Projects / Culture

Projects / Culture

Music School and Multimedia Library

Le Plessis-Pâté

Creation of a cultural centre
in a former farm

Ville de Plessis-Pâté Communauté d’agglomération du Val d’Orge
Client advisor
Atelier Cambium + Deshoulières Jeanneau
Design team
SIBAT (structural engineering,MEP, HVAC, QS), Traces (landscape architects), Point d'Orgue (acoustics)
Image credits
Patrick Miara
Le Plessis-Pâté (91), France
Transformation of a farm into a multimedia library and music and dance school
Surface area
Construction costs
4.1M€ pre-tax
2017 – 2021
Essonne Aménagement Exemplaire

A predominantly rural town until the 1970s, Plessis-Pâté developed as an extension of Brétigny-sur-Orge, largely in the form of single-family homes. The Brichard Farm, which the town acquired in 2004, owes its name to the erstwhile castle which it once adjoined. Its redevelopment as a public facility places a significant piece of the town’s heritage at the disposal of its inhabitants. 

The competition, which the firm won in 2010, has redeveloped and expanded some of the farm’s buildings to house a music and dance school, along with a multimedia library. In an echo of the original enclosure with its millstone gables and its roof, the project frees up the façades to emphasise the facility’s public role and to welcome users. The central courtyard has become a site for activities and for people to form bonds with one another. The dance and music spaces are arranged along the forecourt facing the road.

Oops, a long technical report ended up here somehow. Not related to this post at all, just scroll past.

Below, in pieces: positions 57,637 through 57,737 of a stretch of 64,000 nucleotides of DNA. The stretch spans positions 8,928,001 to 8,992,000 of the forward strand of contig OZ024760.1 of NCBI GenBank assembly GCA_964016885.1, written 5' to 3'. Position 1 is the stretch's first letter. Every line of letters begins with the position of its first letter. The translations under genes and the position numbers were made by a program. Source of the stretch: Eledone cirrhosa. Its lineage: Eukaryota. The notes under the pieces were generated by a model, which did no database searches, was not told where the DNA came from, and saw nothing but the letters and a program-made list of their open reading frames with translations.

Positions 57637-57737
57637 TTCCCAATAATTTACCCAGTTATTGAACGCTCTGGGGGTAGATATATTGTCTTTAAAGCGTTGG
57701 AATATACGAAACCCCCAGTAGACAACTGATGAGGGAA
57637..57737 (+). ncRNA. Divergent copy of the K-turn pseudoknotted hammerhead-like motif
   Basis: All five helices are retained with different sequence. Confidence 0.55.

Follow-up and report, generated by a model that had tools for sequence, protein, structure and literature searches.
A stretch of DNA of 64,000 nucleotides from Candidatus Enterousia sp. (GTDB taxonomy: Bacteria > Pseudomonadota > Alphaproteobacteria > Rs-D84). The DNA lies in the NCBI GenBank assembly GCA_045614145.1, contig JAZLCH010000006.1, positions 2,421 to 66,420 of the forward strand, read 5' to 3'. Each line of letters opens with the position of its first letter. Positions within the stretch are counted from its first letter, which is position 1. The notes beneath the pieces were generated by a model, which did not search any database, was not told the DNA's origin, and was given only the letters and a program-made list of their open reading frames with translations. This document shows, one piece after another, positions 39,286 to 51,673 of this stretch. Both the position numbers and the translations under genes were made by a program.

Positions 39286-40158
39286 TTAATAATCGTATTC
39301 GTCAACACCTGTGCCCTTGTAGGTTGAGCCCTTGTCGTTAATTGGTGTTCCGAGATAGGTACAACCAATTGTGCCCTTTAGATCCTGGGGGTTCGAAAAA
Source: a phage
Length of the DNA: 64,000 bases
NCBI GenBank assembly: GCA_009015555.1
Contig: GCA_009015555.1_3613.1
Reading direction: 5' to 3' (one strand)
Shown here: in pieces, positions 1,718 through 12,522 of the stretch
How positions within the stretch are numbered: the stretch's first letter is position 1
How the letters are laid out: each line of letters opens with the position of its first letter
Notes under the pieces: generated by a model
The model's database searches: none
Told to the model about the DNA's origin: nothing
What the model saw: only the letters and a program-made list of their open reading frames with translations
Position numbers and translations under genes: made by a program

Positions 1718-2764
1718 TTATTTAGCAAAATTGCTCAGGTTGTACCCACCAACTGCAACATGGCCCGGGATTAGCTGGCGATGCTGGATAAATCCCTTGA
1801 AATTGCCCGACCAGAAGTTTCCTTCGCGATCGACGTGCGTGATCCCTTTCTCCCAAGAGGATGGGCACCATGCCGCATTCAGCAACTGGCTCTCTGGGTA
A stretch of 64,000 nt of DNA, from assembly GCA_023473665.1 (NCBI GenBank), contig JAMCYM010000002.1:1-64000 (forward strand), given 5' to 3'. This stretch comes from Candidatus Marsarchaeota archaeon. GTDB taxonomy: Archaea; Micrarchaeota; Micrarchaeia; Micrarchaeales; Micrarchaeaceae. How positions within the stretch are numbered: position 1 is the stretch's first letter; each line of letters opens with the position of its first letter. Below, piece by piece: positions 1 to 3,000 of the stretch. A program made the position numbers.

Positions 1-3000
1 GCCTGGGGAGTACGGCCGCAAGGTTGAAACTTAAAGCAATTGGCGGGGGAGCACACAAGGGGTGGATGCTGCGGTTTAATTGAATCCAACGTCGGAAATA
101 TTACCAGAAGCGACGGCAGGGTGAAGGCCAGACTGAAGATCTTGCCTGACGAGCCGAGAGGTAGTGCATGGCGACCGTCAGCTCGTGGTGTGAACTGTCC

Surrounded by late twentieth-century single family homes, the Brichard Farm for a long time remained a closed enclave in the centre of Plessis-Pâté

Extrait du plan d’intendance, vers 1780, Archives départementales de l’Essonne, C2/108


Dating back to the seventeenth century, the aristocratic château and French-style garden built according to plans by Le Nôtre were destroyed during the French Revolution. The Brichard Farm next door instead survived. In the twentieth century, rampant urbanization ended up transforming its fields into a fleet of single-family homes. 


The extension was built as a continuation of the barn and its two-pitch roof. It bears a larch cladding in vertical strips. The existing façades were restored; the aerial lime is called “visible stone” because it reveals the rubble masonry.


The complex hosts a performance space with 108 seats, two dance studios on the ground floor, music rooms, and the Alexandre Dumas Multimedia Library.

Similar projects

The Moulin d’Anguitard Cultural Centre

Dance and Contemporary Music Centre